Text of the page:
QUESTION: I’ve been told that I need to research the organization to prepare for my interview. Where do I look and what do I look for?
Interviewers love informed candidates. Start with the company website. Examine all sections, especially press/news. Then “Google” search the company and look for news. Search Yahoo! Finance for information about publicly traded entities. Search global news sources to determine their reputation. What questions might you ask the interviewer? Ask what you genuinely are curious about.
When you peruse their website, look beyond the main pages to find a News or Publications section; read a few of the most recent entries. Also, follow the company on social media (especially LinkedIn) to see what topics the company and their employees write about. Take notes on anything that may pertain to your ideal role within the company—which you can bring up in your cover letter or interview!
“Researching an organization:
- Company corporate website – mission/value statement, initiatives, commitment to employees
- Company financials – quarterly shareholder reports, website investor page, corporate governance (things in the pipeline or issues reported to shareholders)
- Company retail website
- Competitor’s corporate/retail websites, financials
- People you will be meeting with”
““You’re off to Great Places!
Today is your day!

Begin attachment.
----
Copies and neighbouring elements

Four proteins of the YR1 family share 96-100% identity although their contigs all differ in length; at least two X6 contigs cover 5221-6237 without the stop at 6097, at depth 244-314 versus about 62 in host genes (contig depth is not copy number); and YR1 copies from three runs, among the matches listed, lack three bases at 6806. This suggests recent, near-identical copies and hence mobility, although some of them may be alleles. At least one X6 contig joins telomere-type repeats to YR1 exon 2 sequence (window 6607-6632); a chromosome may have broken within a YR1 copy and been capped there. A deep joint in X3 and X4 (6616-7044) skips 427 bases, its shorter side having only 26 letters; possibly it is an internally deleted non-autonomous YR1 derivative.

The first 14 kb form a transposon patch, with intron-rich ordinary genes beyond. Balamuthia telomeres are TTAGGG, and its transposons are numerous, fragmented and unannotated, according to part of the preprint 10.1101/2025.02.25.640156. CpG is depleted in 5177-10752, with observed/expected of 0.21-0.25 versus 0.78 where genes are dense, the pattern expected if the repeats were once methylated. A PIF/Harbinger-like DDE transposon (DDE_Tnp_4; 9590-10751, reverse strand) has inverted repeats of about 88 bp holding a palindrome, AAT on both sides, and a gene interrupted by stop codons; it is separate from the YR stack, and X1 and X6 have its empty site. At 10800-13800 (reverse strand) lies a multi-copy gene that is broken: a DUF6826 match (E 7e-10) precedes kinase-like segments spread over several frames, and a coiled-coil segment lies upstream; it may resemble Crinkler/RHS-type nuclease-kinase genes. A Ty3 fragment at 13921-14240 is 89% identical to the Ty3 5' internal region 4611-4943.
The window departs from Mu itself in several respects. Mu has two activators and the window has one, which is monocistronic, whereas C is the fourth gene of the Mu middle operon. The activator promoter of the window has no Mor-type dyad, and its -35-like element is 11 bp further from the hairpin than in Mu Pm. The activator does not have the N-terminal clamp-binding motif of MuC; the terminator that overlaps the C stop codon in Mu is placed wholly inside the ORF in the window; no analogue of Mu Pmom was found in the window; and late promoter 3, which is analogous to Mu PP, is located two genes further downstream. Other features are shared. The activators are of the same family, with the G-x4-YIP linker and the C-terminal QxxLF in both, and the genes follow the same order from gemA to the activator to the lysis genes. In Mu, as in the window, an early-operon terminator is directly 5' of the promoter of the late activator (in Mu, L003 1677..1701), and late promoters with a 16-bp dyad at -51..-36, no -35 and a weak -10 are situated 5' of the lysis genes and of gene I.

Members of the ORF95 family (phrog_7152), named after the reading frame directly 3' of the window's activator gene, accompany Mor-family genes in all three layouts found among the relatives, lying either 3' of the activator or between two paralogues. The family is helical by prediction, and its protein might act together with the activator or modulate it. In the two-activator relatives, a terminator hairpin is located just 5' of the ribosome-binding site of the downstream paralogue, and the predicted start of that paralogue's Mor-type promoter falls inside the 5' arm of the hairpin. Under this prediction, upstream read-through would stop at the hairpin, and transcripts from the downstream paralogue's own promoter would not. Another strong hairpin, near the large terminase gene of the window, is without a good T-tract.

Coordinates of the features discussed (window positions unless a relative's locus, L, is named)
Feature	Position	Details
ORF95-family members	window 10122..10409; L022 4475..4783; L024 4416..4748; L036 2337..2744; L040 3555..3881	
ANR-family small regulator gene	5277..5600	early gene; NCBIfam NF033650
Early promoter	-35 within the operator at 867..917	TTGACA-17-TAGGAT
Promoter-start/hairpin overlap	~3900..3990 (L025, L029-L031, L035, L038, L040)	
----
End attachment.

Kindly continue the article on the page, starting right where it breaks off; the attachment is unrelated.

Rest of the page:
Your mountain is waiting,
So… get on your way!”
― Dr. Seuss, Oh, the Places You’ll Go!
Start with the obvious: Google the company name, explore the company website, find and read the LinkedIn page; but also connect with employees who work at the company (or used to work at the company) on LinkedIn and get some first-hand insight.”
The company website should provide you with most of the information you’ll need. Look at the mission statement, products/services, customers/competitors, and press releases. You can also use LinkedIn to search for and connect with current/former employees. GlassDoor lets you look at anonymous reviews on company culture, hiring processes, management, compensation, and career opportunities.
Read News or Media pages on the company site, read their annual reports, and google the company to see analyst and market reactions to their announcements. Dig deeper and look at their competitors in a similar way. These data points will provide you with insights on their challenges, growth ventures, and other related information – which are all helpful for asking intelligent interview questions.
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